Charley Molnar on new QBs, optimism, pressure and changes for the future

Friday, January 03, 2014
AMHERST — University of Massachusetts football coach Charley Molnar expects to add at least one quarterback before the start of the spring semester, and potentially more by the end of the school year.

Molnar talked about that and a wide variety of other topics in his first media interview following the 2013 season.

Shortly before the end of the season, Molnar said adding a veteran quarterback wasn’t a recruiting priority, but the continued struggles of starter A.J. Doyle and the departure of backup Mike Wegzyn appears to have changed his approach.

“We need to bring in a couple of competitive players,” Molnar said. “They don’t all have to come in a midyear, but we’ll add at least one at midyear. We’ll add a high school player and maybe another player at the end (of the school year). Either another high school player or a transfer, whatever is the best available guy on the board.”

Molnar said he didn’t have midyear guy, who’d likely be a junior college transfer, committed yet, but had promising targets.

“We’ve targeted a couple of guys. Until we get one of them to say yes, the list is fluid. Once one of them says yes, we’ll be in good position,” Molnar said. “We need depth and competition.”

Former Kansas quarterback Taylor Baty, who is at San Francisco City College, visited UMass last week.

Molnar expected freshman quarterback Todd Stafford, who redshirted the 2013 season, to be in the mix next year.

“I think he’s got a real chance to help our football team. He’s one of the hardest workers in our freshman class,” Molnar said. “He’s going to help our football team in some way shape or form in 2014.”

Whoever plays quarterback will be working with a new offensive coordinator. Molnar dismissed John Bond from the position after the season. His replacement will be the fourth offensive coordinator during Molnar’s two-year tenure.

Molnar, a former offensive coordinator himself, contended that he’s not tough to work with.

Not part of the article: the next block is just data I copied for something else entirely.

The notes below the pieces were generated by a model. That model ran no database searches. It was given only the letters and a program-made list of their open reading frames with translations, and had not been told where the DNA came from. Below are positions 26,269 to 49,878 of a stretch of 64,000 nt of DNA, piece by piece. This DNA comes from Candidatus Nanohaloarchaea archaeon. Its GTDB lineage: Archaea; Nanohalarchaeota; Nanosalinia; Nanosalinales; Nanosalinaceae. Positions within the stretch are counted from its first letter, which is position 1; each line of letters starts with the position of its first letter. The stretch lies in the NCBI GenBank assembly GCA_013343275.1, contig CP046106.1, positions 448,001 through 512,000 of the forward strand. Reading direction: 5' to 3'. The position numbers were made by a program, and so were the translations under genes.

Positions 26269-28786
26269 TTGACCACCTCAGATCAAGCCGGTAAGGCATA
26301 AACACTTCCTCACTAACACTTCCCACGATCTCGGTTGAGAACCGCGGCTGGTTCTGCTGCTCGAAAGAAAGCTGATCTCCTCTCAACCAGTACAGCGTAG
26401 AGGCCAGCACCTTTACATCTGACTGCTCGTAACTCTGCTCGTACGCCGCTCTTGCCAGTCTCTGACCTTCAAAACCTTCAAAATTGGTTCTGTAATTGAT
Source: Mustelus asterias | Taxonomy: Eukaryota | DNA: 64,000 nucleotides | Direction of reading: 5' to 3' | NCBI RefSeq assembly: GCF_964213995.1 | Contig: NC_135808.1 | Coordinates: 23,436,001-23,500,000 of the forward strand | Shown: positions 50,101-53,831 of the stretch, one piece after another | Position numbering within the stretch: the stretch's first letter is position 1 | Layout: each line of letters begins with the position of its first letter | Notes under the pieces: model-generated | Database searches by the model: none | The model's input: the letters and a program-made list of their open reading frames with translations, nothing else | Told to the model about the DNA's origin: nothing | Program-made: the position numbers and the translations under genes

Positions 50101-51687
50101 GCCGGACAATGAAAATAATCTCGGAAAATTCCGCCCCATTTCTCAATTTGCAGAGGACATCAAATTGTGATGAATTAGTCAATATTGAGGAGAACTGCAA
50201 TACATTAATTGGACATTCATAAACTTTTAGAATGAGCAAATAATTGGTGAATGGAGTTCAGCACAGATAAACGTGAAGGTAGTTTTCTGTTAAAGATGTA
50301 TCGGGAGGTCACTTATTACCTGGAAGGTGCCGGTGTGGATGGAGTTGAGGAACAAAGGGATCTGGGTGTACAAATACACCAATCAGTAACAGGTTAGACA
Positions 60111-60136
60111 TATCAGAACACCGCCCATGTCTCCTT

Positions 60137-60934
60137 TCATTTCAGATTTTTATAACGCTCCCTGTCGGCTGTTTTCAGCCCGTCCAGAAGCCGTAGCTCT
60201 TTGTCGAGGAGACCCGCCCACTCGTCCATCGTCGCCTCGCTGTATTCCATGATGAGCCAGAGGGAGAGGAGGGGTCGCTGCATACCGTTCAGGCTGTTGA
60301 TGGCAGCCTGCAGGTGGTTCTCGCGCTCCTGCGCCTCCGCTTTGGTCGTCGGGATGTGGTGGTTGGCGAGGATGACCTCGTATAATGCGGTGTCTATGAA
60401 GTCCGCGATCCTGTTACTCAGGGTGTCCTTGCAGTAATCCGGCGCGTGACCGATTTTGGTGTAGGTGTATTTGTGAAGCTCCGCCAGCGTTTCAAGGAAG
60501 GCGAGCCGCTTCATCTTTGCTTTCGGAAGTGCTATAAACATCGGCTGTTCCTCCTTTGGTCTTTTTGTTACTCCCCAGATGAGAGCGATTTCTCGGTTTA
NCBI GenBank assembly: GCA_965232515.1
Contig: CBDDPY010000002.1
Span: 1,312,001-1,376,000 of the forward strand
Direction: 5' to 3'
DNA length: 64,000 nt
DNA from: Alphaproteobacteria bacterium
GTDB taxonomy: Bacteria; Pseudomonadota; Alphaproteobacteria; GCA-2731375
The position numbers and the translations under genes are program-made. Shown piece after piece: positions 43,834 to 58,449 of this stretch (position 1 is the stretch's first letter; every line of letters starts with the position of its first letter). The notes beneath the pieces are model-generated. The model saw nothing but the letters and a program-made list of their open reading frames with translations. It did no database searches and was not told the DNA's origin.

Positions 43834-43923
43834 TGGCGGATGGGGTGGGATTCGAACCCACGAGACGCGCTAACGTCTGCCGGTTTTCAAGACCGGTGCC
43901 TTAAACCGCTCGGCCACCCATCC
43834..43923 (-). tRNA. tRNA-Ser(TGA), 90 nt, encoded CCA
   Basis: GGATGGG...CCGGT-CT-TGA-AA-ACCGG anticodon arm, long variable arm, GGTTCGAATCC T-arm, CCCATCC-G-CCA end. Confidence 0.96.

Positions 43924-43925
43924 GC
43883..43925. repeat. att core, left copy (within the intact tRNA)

“I really believe I’m easy to work with. Why things don’t work out? There’s a myriad of reasons things don’t work out,” said Molnar, who also dismissed wide receivers coach Allen Suber. “We’ll add two guys into our organization that will help us move forward.”

The leading candidate to take over at offensive coordinator is tight ends coach/recruiting coordinator Shane Waldron, who has been one of Molnar’s most trusted lieutenants during his time in Amherst.

“He’s a very bright young coach,” Molnar said. “He wants to, and needs to, assume more responsibility and he will going forward, regardless. He knows what we need. He knows the players. He’s had a hand in recruiting most of them. ... He’s expecting an expanded role and he certainly deserves it.”

STILL OPTIMISTIC — Despite a 2-22 record over the past two seasons, Molnar thought the Minutemen were ready to turn a corner.

“I think the fact that we have more depth, more true scholarship players, those things all point to positive growth. I believe how close we are to being good. I can put my finger on the reason we didn’t have more wins. Some of them were beyond my control at this moment at time,” Molnar said. “Certain issues just couldn’t be corrected. You can only scheme around guys so much. It’s a slippery slope. If you try to cover up for a guy too much, you have too much offense or defense.

“In two years, I’ve made very few excuses in terms of injuries, if you did the count, there can’t be many teams in the country that had so many injuries and so many man-games lost due to injuries,” Molnar continued. “At some positions, if we didn’t have the injuries we would have been able to be OK. But at some of those, the depth was so poor you have no choice but to shuffle guys around.”

ON PRESSURE — Because of his record, Molnar is expected to be under scrutiny in his third season. Molnar said he feels more pressure from within than concerns about keeping his job.

“It’s so much more internal than external,” he said. “The pressure I feel is much more to the people that have believed in me than the people who have been tepid or one foot in and one foot out. I want to validate that they believe in our program and what we’re doing and how we’re doing it.”

Molnar said there would be changes on the field, but didn’t get specific.

“We evolved from year one to year two and we’ll certainly evolve from year two to year three,” Molnar said. “I have some strong opinions on things that need to be changed, starting from me down to the assistant coaches and support staff. There’s other things where we’re right on track doing the right thing. We have some real areas of concern and some areas where we’re really excited about. We try to capitalize on areas where we feel like we have some strong players. In areas where we’re week we’ll have to do some things in terms of moving personnel or doing some things with our scheme.”

LEADERS — Molnar said the team’s leaders were still evolving, but pointed to linebacker Stanley Andre, who’ll be a senior next year as a likely leader.

“In 2012, he started to step up as a leader. In 2013, his presence was felt even more. Moments after the game ended at Ohio U., Stanley stepped to the front of the room,” Molnar said. “He’s the obvious one. There’s other guys that have good leadership skills, but I’m excited about Stanley.”

Matt Vautour can be reached at mvautour@gazettenet.com. Get UMass coverage delivered in your Facebook news feed at www.facebook.com/GazetteUMassCoverage